The Social Network
Directed by David Fincher
Released October 1, 2010
Those unfamiliar with or actionably against the notion of Facebook shouldn’t fear that they will feel out of touch with or disinterested in this film. Stars Jesse Eisenberg and Justin Timberlake, director David Fincher, and writer Aaron Sorkin acknowledge that they have barely ever used the social networking site, and less famous star Andrew Garfield admits that he used to be a typical user but has since broken free. This isn’t a film that tries to be clever by mimicking the workings of the site in its storytelling; instead, it’s a brilliant portrait of a whole host of high-achieving everymen with a competitive interest in creating the next big thing.
Sorkin, the creator of “The West Wing,” has, more than anyone else, left his distinct imprint on this film. The first scene includes purely dialogue and apparently consisted of nine pages acted out in a mere four and a half minutes, using Eisenberg and future Americanized “Girl with the Dragon Tatttoo” star Rooney Mara spouting off Sorkin dialogue in signature speedy fashion. The film doesn’t proceed forward at an alarmingly or even recognizably quick pace, but so much plot is impressively packed into a mere two hours that encompasses 160 script pages.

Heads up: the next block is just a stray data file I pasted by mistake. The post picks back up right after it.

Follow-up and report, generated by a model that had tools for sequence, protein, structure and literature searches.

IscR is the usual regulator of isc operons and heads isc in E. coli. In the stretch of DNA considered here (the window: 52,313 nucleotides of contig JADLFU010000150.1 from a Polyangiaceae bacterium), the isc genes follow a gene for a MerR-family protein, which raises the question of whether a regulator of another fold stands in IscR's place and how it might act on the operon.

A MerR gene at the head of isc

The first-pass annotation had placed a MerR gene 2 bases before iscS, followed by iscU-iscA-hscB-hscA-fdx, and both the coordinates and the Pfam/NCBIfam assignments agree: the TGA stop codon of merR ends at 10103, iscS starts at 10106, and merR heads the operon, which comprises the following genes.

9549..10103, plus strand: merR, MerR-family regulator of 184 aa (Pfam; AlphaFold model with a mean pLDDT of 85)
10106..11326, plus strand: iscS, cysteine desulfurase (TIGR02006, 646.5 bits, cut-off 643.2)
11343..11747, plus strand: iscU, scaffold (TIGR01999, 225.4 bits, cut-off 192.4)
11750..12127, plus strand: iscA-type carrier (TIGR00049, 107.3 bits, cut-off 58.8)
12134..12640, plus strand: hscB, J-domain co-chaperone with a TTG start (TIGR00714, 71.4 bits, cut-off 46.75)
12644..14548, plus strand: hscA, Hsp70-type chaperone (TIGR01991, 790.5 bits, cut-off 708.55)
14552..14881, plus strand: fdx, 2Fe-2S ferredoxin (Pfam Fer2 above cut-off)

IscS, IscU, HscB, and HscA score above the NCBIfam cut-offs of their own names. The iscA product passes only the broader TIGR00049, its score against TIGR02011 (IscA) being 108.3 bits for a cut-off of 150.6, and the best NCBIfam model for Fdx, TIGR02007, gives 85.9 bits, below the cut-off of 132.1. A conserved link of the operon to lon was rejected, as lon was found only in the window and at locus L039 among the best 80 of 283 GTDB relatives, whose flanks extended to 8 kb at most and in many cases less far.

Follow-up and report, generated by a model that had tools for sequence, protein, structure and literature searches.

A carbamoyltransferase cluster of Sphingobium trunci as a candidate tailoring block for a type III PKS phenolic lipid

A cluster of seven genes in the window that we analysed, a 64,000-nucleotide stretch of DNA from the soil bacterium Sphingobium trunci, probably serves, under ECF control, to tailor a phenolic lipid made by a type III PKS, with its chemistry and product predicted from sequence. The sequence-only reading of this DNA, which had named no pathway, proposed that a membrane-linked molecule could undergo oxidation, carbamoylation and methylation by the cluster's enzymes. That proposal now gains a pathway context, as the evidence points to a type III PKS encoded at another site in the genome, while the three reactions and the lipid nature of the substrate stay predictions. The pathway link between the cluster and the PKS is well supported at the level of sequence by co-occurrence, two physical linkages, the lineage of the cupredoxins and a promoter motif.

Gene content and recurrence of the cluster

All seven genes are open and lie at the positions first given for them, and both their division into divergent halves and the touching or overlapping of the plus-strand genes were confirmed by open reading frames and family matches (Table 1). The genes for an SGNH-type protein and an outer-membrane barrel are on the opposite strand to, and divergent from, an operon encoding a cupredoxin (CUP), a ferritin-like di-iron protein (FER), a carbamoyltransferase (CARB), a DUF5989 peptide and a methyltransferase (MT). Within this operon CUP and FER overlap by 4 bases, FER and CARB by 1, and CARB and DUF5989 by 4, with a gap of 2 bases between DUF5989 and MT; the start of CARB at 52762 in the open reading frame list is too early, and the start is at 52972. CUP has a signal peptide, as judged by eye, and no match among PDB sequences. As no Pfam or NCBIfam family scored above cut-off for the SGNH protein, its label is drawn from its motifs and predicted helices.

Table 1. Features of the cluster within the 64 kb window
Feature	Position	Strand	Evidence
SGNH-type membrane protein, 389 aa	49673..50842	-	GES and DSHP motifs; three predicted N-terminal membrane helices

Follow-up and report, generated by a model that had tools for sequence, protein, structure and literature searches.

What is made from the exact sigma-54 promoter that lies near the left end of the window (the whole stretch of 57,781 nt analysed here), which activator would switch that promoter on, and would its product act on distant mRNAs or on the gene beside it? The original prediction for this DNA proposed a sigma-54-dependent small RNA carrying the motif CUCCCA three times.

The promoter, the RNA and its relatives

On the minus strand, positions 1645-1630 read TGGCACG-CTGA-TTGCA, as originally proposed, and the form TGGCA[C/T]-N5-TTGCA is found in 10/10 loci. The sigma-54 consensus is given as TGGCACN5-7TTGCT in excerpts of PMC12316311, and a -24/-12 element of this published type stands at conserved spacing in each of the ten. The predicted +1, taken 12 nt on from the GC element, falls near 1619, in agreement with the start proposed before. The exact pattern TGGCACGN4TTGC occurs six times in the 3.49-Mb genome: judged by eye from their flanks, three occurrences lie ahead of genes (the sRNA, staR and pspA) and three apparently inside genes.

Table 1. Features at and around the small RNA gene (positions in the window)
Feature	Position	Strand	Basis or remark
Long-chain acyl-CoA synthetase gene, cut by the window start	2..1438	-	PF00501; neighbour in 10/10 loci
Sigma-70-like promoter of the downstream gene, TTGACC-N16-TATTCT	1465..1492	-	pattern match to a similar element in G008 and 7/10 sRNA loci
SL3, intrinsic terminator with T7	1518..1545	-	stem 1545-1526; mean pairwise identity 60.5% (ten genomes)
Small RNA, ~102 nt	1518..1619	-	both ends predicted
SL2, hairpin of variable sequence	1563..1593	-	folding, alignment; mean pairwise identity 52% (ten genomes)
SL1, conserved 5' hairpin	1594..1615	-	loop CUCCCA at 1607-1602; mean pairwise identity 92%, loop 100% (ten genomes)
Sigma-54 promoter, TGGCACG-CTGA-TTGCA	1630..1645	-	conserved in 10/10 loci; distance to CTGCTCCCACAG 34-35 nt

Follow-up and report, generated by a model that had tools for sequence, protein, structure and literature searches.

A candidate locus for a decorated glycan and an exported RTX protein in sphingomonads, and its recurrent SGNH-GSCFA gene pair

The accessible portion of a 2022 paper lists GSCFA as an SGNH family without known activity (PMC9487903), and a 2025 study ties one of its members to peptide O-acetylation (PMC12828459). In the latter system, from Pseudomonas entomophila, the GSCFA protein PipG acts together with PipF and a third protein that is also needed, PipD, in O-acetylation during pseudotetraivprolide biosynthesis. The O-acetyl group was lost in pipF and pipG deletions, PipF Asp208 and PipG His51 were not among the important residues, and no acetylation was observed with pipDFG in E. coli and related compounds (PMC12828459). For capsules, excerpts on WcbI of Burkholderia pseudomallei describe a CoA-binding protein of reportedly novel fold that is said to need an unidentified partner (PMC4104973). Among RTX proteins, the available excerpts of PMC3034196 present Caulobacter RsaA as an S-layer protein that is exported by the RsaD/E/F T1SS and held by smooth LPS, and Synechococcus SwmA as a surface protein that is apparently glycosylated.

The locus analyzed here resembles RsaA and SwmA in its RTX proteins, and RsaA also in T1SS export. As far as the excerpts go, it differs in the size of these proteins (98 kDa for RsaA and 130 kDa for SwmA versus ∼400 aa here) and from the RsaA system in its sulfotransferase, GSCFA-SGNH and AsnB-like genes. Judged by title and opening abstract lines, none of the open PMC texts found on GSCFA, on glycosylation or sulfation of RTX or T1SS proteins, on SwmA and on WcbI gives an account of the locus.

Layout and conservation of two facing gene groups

The cast, like the script, is entirely excellent. Eisenberg’s nebbishy, nervous attitude makes him the perfect person to play the pompous yet likeable Mark Zuckerberg. Timberlake is actually terrific as Napster founder Sean Parker, and Garfield, who will soon be just as well known as his costars when he stars in the “Spider-Man” film reboot, is simply fantastic as the moral center of the film, Zuckerberg’s partner, Eduardo Saverin. The smaller roles are also shrewdly cast, starting with Mara in the film’s opening scene as Zuckerberg’s girlfriend and highlighted by Armie Hammer as twin rowers Cameron and Tyler Winklevoss. Most astutely, they all work successfully with Sorkin’s script and respond well to Fincher’s direction, crafting an extremely on-the-ball and memorable ensemble.
“The Social Network” is a movie that’s rousingly entertaining, witty, and undeniably enjoyable. Its story is filled with despicable characters, all of whom don’t seem to comprehend their self-absorbedness, and it’s that very obliviousness to the way others perceive them that makes the experience such a blast. The film simultaneously follows Zuckerberg as he is sued separately by former friend Saverin and the Winklevoss wonder twins while chronicling Zuckerberg’s creation of Facebook, and it’s incredibly revealing to see the depositions occur while being privy to as much as can be speculated about what really happened in the run-up to the lawsuits. It may not be an authorized biography or the straight truth, but it would be near impossible for the real story to be as fantastically written or spectacularly presented as this.